So whilst we all tuck into our tupps I thought I'd share what's in mine this week (I'm actually on the tube but I'll be having mine soon). . Top row we have overnight oats as modelled by me this morning 💁🏻and some pork shoulder on a bed of pearl barley with courgette and shrooms. . Middle row: layered chicken, turmeric rice and veggies; steak with cabbage, peas, peppers and carrots; and some hard-boiled eggs for snacking. . Bottom row: turmeric basa on a bed of quinoa and red onion with a little tub of houmous; some veggies to go with my fish – I couldn't fit it in the tub; and some protein pancakes with chia, tahini and bloobs. . All set for my four day working week 🤗🍱 . #mealprep #mondaymotivation #foodprep #tupperware #food #pork #stew #veggies #steak #eggs #pancakes #chicken #rice #oats #glutenfree #brofood #gainz #fatloss #macros #protein #carbs #healthychoices #fitness #fitfood #bodybuilding #healthyeating #healthyfoodporn #nutritious #foodporn #foodstagram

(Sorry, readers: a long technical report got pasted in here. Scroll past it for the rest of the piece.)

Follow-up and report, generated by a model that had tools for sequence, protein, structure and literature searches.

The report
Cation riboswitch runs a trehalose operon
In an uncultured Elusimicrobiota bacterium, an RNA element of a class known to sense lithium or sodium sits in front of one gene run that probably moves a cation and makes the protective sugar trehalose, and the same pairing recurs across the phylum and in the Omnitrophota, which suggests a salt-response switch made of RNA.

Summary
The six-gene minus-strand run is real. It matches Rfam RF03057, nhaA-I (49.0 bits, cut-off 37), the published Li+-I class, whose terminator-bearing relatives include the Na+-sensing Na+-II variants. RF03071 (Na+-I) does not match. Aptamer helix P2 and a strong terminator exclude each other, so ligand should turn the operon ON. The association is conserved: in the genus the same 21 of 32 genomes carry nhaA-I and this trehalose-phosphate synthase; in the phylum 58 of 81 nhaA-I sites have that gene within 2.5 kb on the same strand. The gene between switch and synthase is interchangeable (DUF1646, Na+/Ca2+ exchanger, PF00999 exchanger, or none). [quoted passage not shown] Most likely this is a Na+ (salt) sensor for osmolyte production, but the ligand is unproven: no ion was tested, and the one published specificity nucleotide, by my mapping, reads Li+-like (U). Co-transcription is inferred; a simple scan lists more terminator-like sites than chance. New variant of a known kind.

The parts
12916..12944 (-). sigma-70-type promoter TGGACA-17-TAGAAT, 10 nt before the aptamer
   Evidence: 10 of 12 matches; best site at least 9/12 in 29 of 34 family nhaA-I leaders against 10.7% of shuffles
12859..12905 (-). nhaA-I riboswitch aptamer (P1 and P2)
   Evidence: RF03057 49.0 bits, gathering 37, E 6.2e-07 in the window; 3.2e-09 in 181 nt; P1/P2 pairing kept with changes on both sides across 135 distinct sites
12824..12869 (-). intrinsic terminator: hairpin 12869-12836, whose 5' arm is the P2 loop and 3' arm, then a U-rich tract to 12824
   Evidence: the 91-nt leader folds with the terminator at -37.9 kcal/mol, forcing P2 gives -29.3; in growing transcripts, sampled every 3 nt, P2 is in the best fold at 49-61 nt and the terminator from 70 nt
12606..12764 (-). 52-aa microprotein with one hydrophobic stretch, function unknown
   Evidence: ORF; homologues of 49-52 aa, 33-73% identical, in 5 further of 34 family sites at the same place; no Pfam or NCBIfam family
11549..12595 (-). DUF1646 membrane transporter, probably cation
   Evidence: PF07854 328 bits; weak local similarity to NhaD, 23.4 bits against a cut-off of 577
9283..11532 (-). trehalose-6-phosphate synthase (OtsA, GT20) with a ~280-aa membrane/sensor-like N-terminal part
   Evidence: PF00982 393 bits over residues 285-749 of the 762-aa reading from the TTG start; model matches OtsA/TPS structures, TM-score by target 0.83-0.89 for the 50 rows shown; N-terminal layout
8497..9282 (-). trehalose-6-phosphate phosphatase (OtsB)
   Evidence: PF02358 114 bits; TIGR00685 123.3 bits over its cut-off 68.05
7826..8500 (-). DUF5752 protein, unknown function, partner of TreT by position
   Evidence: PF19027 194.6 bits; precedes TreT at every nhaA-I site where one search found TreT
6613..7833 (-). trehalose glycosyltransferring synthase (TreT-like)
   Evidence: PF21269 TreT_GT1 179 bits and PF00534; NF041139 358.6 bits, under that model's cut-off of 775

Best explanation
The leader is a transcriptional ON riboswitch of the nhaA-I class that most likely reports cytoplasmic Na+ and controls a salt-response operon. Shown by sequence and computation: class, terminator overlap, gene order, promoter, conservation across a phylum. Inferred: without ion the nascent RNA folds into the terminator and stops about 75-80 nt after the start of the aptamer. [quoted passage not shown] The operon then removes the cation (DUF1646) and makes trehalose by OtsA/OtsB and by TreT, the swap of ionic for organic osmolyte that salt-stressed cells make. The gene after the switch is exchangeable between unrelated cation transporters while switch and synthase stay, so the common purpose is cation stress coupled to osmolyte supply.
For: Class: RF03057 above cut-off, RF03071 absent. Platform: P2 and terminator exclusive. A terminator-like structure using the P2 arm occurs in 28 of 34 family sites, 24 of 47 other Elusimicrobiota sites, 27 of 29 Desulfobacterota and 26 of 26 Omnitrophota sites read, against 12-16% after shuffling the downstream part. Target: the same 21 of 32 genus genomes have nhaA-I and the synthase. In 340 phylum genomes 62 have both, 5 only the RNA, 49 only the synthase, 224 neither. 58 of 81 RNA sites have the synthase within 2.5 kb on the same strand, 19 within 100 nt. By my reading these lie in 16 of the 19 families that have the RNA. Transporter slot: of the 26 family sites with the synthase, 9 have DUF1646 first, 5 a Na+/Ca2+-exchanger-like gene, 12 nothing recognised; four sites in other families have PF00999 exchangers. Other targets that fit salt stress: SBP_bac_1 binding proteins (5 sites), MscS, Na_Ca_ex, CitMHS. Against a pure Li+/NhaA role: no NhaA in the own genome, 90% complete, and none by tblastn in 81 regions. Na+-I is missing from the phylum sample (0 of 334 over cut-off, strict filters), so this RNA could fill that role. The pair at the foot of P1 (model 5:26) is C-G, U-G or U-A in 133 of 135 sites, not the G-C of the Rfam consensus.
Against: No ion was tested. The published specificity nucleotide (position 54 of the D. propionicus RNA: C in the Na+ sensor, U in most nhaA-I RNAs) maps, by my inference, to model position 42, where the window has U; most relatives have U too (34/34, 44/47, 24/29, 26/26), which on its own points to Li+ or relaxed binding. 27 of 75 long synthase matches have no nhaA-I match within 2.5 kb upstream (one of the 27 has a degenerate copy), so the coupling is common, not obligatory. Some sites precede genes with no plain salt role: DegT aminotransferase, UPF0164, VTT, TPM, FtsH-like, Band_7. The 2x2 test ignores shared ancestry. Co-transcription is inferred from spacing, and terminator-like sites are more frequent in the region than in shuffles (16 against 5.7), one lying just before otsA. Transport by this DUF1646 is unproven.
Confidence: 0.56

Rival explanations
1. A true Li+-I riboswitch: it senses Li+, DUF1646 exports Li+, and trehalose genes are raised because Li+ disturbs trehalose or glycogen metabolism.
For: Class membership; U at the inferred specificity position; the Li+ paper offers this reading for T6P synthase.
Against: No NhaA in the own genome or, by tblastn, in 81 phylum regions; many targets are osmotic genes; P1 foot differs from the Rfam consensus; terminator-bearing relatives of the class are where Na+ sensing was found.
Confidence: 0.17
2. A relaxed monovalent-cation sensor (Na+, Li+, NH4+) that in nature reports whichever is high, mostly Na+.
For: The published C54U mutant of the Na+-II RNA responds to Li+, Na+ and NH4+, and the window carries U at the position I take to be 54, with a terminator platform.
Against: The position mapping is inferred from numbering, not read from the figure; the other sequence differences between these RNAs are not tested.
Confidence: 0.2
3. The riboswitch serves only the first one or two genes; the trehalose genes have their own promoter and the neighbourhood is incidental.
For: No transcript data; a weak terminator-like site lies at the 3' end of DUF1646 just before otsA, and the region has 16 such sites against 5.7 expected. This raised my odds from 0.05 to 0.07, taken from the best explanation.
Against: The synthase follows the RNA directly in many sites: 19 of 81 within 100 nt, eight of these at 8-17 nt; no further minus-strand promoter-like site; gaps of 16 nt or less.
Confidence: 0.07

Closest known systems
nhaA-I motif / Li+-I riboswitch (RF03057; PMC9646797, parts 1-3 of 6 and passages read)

A post shared by Danny Andrea (@dannysfitfood) on


This fit chick proves that healthy eating can be packed with flavor—and pretty dang photogenic. When you’re sick of chicken breast, you’ll find plenty of other protein options here, including venison, trout, and hake fish.

Related: How Much Protein Do You Really Need?


The symmetry in this arrangement of meal containers, bags of veggies, and pieces of fruit is almost museum-worthy. And look out for the occasional healthy sweet treat recipe! We’re currently drooling over a shot of PB and chocolate protein squares…


Who says healthy baked goods can’t be a part of meal prep? Sweet potato cookies, waffle French toast, and banana pancakes for the win. This Crossfit®-loving mama is all about enjoying healthy food and nailing box jumps.